• An independent study (The State of Britain’s Hedgehogs) commissioned by PTES and BHPS from the British Trust for Ornithology (BTO) in September 2010 established clear scientific evidence of the decline in hedgehog populations across the UK. In 2013, PTES also published a long-term trend analysis based on their Living with Mammals and Mammals on Roads surveys which showed that hedgehog populations have plummeted by over a third in the last ten years.
  • The reasons for the decline in UK hedgehog numbers are complex, but are thought to be associated with the loss of hedgerows and permanent grasslands; the intensification of agriculture and larger field sizes; and the use of pesticides which reduce the amount of prey available.  Urban and suburban areas are becoming increasingly important for hedgehogs, but the move towards tidy, sterile gardens isolated from one another by impermeable boundaries has also contributed to their demise.
  • In the early part of the 20th century, hedgehogs were probably abundant throughout Britain. By 1995 the population size was estimated to be about 1.5 million (1.1 million in England, 0.31 million in Scotland and 0.145 million in Wales).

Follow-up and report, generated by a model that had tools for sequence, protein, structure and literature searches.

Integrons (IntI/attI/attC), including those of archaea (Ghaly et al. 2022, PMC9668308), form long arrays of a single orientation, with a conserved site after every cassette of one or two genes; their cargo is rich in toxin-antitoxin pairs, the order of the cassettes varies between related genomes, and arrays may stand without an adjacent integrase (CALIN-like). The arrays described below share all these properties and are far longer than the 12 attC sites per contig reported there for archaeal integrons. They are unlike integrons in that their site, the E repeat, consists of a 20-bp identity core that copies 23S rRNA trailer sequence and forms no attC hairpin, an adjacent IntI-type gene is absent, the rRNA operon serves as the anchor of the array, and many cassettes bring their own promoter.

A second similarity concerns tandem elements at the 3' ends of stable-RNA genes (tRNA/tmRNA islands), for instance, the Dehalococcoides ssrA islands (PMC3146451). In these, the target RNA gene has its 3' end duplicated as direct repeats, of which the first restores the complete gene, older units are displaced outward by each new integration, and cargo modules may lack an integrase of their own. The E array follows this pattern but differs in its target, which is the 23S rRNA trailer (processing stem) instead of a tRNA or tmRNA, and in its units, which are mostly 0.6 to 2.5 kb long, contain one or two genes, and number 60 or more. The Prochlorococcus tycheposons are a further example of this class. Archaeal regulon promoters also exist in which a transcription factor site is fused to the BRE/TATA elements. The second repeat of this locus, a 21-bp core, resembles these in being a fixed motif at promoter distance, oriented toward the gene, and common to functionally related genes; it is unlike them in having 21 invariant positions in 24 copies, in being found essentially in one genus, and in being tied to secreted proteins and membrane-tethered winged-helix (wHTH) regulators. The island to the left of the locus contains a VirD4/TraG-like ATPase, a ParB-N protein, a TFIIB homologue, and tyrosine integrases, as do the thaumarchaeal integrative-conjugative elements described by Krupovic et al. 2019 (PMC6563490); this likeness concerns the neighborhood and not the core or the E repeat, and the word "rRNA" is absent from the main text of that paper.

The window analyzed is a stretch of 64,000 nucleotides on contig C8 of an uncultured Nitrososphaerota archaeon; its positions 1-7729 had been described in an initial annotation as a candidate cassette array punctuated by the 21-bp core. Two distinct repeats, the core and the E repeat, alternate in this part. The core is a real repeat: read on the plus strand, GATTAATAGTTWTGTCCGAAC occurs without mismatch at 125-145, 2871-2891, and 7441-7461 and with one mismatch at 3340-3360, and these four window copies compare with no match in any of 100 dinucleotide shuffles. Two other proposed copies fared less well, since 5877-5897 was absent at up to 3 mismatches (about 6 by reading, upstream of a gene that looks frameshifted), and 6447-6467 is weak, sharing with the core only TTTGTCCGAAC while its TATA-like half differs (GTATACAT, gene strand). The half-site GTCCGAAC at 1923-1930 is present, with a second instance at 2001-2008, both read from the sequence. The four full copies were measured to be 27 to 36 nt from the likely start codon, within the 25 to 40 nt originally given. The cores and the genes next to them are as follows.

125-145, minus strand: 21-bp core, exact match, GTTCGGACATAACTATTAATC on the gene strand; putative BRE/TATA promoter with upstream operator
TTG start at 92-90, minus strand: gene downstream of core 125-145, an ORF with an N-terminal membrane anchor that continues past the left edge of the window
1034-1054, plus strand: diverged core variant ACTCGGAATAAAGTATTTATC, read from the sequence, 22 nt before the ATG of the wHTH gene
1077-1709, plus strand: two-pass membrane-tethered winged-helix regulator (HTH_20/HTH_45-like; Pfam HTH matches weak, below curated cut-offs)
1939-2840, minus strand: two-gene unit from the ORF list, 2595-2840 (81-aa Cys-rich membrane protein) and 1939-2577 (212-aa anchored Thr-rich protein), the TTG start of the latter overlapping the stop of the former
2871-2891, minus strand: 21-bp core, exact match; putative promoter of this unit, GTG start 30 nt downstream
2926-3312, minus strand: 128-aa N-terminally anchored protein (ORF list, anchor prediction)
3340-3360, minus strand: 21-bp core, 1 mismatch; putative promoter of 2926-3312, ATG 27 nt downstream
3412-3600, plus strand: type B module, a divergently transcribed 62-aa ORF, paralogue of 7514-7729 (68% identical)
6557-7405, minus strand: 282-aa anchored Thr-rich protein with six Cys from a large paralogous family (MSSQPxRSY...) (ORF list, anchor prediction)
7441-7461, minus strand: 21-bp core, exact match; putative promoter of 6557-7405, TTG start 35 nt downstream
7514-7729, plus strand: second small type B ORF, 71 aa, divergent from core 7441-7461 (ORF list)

• A range of academic research projects, funded by PTES and BHPS, also aim to further scientific understanding about the causes for the decline in hedgehog numbers and most importantly what can be done to reverse this threat to this iconic species.
  • The hedgehog was voted as Britain’s National Species in a 2013 BBC Wildlife poll.
  • The charities’ Hedgehog Street garden at the 2014 RHS Hampton Court Palace Flower Show won Gold and People’s Choice in the summer garden category.
  • The Day of the Hedgehog is the first UK summit on hedgehogs in a decade.  Taking place on 21 November 2015, top experts in conservation will explore the issues facing Britain’s favourite wild animal in the 21st century.



PTES is a UK conservation charity created in 1977 to ensure a future for endangered species throughout the world. Working to protect some of our most threatened wildlife species and habitats, it provides practical conservation support through research, grant-aid and educational programmes, including wildlife surveys, publications and public events.


BHPS is a UK charity founded in 1982 dedicated to helping & protecting hedgehogs native to the UK.  They run a helpline offering advice on caring for & encouraging hedgehogs in the wild and in gardens. They aim to educate the public on how best to help hedgehogs and fund research into the behavioural habits of hedgehogs to ascertain the best methods of assisting their survival.

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We'd love to tell you about our conservation work through our regular newsletter Wildlife World, and also how you can save endangered species through volunteering, taking action or donating. You must be 18 or over. The information that you provide will be held by People’s Trust for Endangered Species. For information on how PTES processes personal data, please see our privacy policy.